The Mossad Director’s Threat to Iran Was Meant as a Message to the U.S.

September 18, 2023 | Meir Ben-Shabbat
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In a recent public speech, David Barnea, the head of Israel’s vaunted intelligence agency, did something very unusual: he declared that his organization was ready to strike “deep in Iran, in the very heart of Tehran,” if the Islamic Republic harmed Israeli citizens. As a rule, high-ranking Israeli security officials, and especially those associated with the Mossad, avoid making explicit threats of this sort. Meir Ben-Shabbat believes that Barnea’s words weren’t directed at Tehran at all, but at Washington:

The U.S. administration under President Biden, which has sought to lower the profile of the Iranian problem and to remove the danger of a military confrontation with it as far as possible, is now seeing the tangible results of its policy: a growing sense of confidence in Iran, leading to defiant activity on its nuclear program [and its] providing aid to Russia in the form of supplying Moscow with drones for its combat effort in Ukraine—compounded by a significant increase in its efforts to promote acts of terrorism around the globe, owing to a feeling that it will not be required to pay any real price for all of this.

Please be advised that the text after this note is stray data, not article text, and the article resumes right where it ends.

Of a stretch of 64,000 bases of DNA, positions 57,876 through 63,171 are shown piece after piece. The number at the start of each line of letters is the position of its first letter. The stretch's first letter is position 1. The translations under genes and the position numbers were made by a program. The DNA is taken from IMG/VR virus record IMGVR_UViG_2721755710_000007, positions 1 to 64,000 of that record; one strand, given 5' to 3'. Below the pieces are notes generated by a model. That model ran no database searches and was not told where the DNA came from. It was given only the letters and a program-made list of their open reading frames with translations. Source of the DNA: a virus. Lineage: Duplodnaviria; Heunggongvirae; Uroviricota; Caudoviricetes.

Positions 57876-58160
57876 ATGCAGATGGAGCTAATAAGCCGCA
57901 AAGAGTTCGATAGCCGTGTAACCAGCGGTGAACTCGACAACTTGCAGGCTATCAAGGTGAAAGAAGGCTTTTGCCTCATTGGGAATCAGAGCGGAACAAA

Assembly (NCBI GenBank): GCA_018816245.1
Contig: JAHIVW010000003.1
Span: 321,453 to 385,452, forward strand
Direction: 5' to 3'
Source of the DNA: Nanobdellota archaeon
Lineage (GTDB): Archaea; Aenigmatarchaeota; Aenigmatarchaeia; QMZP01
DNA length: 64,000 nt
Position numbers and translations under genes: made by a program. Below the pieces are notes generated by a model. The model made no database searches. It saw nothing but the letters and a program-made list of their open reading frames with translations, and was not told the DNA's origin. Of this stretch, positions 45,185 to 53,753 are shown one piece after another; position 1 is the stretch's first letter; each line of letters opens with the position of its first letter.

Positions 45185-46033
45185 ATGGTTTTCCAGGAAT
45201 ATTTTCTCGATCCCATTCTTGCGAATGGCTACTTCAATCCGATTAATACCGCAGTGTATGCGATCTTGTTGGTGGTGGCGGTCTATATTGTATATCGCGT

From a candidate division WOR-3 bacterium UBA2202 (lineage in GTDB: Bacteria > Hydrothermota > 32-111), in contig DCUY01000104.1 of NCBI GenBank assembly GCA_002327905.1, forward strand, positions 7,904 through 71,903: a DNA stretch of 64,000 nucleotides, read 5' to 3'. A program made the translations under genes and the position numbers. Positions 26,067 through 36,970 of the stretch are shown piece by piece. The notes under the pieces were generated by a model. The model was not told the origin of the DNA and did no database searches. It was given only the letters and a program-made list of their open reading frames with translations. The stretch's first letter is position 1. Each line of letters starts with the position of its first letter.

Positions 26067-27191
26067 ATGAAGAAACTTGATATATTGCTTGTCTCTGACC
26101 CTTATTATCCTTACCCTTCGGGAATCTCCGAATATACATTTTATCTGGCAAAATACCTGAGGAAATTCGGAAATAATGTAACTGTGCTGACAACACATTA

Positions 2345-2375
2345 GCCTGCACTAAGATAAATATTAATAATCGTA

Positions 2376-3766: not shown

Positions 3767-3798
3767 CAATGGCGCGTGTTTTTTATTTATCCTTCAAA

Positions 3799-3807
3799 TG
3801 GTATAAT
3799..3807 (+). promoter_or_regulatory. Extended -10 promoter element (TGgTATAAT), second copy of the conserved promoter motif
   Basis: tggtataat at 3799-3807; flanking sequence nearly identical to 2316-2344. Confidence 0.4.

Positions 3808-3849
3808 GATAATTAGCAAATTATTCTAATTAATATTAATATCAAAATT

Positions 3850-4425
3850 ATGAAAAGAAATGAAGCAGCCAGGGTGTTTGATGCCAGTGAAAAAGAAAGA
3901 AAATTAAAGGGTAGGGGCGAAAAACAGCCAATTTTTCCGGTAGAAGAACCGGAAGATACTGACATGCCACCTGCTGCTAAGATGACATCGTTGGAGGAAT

The Mossad chief’s speech, only a few days prior to the arrival of the prime minister in the U.S. for a meeting with Biden and attendance at the UN General Assembly, constitutes a good preparation for these two key events. For understandable reasons, Barnea did not point an accusatory finger at our good friends in Washington, but as the popular [Middle Eastern] idiom has it—he “shouted at the tree so that the camel might hear.”

Although tough Israeli talk on the Iranian issue might not go down too well with those U.S. administration officials, who are currently working hard to establish normalization between Israel and Saudi Arabia, it does accurately reflect the situation that has developed under the auspices of their policy and will serve to clarify Israel’s current priority: neutralizing the existential threat posed by Iran, [which, in Jerusalem’s view, rightly] takes precedence even over normalization with Saudi Arabia.

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